all timberland

Published on October 1st, 2011 | by Greg


Timberland: Fascinating Footwear and Solid Boots

There is still plenty of room for new designs in footwear. We regularly check out sport-specific footwear- tennis shoes and the like- and we’re regularly struck by how much change there is. Not just in style or fashion, which change seasonally by their very nature, but also in materials and technology. Some of it is marketing, but certainly not all of it. Witness today’s odd pair of, er pairs of shoes… two pairs… well, two of the latest from Timberland.

The Timberland Radler Trail Camp Moccasins have one distinctive feature about them that makes them different from any other type we’ve seen. They zip-up, collapsing into a small pseudo-ball, better able to fit in tight spots without cramming or jamming. You’ll either need and appreciate that feature, or you can pass these up. It’s not that they aren’t comfortable- they are, though they don’t offer the support for running or serious activity. Instead, it’s that the zip-ups change the shoes in other ways that make them less appealing for everyday footwear. For instance, the zipper is still visible when unzipped. And even when zipped, it’s the likely-to-be-dirty part that is facing outside, meaning you have to clean them before putting them into your luggage or bags.

Ours were a fairly nice red, but the orange is a bit bright and the lime as well; black and purple are attractive though. We appreciated the solid sole with excellent grip and traction. The removable fleece footbed was a bit prone to bunching up though, as it needed to be much more flexible than normal shoes. Of course, inserts don’t work so well in these either. For the price, these are fun and certainly useful to those looking for something lightweight but still sturdy, and they held up to some good abuse on boulders and even in water. Think Vibrams, but without the odd look, and with more support and ruggedness for rough terrain. At $60 or so, they’re also a bargain for a good idea executed well.

For a very different audience, the Timberland PRO Helix 6″ Workboot are also the ideal footwear solution. They make several varieties, but the one we tried is the 6-inch WP Safety Toe, where WP stands for waterproof. These have every feature in the book, and though we didn’t test all of them, we did our best to give them the workout. At the end, they still looked great and barely worse for the wear. We didn’t, for example, test out their electrical hazard protection, said to “meet ANSI Z41PT99, ASTM F2412-05 and F2413-05 standards”. We did drop some stuff on our toes on purpose though, a few books and with increasing confidence, larger weights. Unlike some work boots we’ve seen and tried, the toe area wasn’t quite as tight-fitting; snug but not suffocating, a firm grip around your feet to let you know that you were being passively protected.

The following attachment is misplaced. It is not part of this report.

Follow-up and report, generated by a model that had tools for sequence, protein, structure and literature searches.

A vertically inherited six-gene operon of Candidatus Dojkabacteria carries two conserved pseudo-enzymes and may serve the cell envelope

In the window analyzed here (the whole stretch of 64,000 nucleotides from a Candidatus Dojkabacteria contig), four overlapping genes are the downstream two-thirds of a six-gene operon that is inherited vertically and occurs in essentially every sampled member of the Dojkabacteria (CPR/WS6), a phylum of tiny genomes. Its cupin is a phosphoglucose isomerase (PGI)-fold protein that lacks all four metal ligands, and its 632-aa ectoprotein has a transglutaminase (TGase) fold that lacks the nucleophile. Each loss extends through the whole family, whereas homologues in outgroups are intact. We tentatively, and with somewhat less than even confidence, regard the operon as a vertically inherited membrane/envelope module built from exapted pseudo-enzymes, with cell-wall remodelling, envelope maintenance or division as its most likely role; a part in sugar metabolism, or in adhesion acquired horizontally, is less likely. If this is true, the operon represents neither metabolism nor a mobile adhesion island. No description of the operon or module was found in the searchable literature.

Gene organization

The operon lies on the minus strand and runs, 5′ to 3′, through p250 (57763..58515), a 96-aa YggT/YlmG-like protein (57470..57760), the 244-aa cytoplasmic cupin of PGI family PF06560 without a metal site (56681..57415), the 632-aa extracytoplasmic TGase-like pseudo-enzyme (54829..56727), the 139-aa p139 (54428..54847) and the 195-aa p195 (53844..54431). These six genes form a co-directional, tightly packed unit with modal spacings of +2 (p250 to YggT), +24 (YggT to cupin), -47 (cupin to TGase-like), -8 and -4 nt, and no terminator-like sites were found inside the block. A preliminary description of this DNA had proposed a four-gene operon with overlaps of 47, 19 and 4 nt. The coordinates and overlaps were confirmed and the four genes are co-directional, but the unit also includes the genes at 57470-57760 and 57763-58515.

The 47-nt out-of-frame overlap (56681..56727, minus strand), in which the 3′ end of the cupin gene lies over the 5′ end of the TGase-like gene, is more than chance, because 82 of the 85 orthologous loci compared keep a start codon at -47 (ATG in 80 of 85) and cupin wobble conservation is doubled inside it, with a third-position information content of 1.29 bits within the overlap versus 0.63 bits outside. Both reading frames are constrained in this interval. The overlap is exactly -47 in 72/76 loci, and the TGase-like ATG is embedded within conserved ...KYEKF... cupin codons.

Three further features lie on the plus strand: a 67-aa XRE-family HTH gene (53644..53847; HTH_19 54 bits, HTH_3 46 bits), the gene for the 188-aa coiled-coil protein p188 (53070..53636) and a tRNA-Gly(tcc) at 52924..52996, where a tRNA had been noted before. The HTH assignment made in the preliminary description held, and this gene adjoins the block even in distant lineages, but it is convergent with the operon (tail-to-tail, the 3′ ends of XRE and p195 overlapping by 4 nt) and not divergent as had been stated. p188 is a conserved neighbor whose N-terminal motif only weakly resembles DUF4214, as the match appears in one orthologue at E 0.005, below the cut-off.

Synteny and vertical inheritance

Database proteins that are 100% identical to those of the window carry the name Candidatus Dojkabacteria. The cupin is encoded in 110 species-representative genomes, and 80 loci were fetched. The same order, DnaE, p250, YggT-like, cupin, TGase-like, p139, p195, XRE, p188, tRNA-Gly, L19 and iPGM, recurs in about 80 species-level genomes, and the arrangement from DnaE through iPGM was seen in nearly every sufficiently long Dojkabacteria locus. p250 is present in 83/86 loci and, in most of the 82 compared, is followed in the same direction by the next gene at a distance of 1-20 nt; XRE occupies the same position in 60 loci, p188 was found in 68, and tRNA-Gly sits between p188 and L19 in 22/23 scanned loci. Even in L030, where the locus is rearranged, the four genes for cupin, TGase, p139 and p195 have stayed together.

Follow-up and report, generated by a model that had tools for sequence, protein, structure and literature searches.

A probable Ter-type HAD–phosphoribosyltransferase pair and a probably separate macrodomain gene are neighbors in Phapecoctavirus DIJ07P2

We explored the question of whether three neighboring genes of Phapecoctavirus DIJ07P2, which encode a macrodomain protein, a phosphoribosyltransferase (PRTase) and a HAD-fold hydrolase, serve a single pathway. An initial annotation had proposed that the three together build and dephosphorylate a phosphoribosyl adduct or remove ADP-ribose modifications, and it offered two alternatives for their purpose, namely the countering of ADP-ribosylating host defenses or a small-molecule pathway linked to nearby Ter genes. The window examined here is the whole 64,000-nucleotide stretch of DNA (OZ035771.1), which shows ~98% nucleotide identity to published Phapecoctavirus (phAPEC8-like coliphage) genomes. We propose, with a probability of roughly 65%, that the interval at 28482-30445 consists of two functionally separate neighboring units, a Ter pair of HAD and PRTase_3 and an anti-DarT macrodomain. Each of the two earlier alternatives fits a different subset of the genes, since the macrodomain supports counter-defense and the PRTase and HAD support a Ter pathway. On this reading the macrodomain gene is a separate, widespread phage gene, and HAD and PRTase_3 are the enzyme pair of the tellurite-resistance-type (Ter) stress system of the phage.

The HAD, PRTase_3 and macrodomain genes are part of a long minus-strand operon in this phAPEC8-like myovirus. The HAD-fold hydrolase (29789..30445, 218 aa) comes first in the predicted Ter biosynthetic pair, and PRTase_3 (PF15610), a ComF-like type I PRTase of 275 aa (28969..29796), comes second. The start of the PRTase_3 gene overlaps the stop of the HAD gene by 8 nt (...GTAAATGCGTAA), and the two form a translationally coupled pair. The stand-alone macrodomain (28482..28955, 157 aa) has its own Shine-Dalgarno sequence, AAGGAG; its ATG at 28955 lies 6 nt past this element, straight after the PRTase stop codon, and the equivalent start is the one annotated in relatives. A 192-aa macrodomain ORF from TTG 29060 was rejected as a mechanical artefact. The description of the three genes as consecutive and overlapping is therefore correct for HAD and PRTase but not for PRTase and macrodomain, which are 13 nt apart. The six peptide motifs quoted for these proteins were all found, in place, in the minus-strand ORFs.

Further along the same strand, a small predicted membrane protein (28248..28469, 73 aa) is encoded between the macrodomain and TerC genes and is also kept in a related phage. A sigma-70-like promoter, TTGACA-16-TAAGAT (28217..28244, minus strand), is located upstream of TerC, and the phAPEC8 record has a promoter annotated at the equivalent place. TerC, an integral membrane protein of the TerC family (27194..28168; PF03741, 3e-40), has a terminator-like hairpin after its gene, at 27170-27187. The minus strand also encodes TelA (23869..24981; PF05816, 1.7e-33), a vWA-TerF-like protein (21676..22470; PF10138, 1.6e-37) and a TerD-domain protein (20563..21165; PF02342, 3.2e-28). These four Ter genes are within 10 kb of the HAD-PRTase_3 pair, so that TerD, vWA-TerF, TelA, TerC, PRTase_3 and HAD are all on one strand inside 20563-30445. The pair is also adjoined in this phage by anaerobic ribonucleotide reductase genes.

There was no mistaking the weight though- these are fairly heavy, weighing a couple of pounds. They seemed true to their listed size, in our case at least, since we primarily wore thicker socks with these. Most impressive was the waterproof treatment, as leather is attractive and wears well but often lets in a fair bit of moisture. We took a run through a few puddles during our trek in Marin, and at one point immersed the boot almost completely. Some water did in fact get in through a seam or two, but nothing below the bottom half of the shoe (tongue). Despite the weight, these were comfortable immediately, with no real break-in. We didn’t love the tread- it felt like a bit more grip would’ve been handy for some slippery situations- but these aren’t true winter boots. No one will call these sexy, but in the right circumstance- lumberjacks, you know who you are- they are attractive and even classy. All in all, the best workboots we’ve tried, and $150 or so feels quite fair for a well-made set of heels that feel like they could last forever.

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About the Author

Greg dreamed up the idea for the Truly Network while living in Hawaii, which began with a single site called TrulyObscure. In 2010, when advertisers and readers were requesting coverage beyond the scope of that site, TrulyNet was launched, reaching a broader audience over a variety of niche sites. Formerly the head technology correspondent for the Des Moines Register at age 16, he has since lived and worked in five states and two countries, helping a list of organizations and companies that includes the United States Census Bureau, TripAdvisor, Events Photo Group, Berlitz, and Computer Geeks. He also served as the Content Strategy Manager for HearPlanet, a multi-platform app that has reached over a million users and has been featured in the New York Times, Hemispheres Magazine, National Geographic Adventure, Fox Business News, PC Magazine, and even Apple’s own iPhone ads. Greg has written as a restaurant critic and feature journalist for a number of national and international publications, including City Weekend Magazine, Red Egg Magazine, the Newton Daily News, Capital Change Magazine, and an arm of China Daily, Beijing Weekend. In addition, he has served as a consulting editor for the Foreign Language Press of Beijing, as well as a writer and editor for the George Washington University Hatchet, the school newspaper of his alma mater. Originally from Iowa, Greg is currently living in the West Village of Manhattan.

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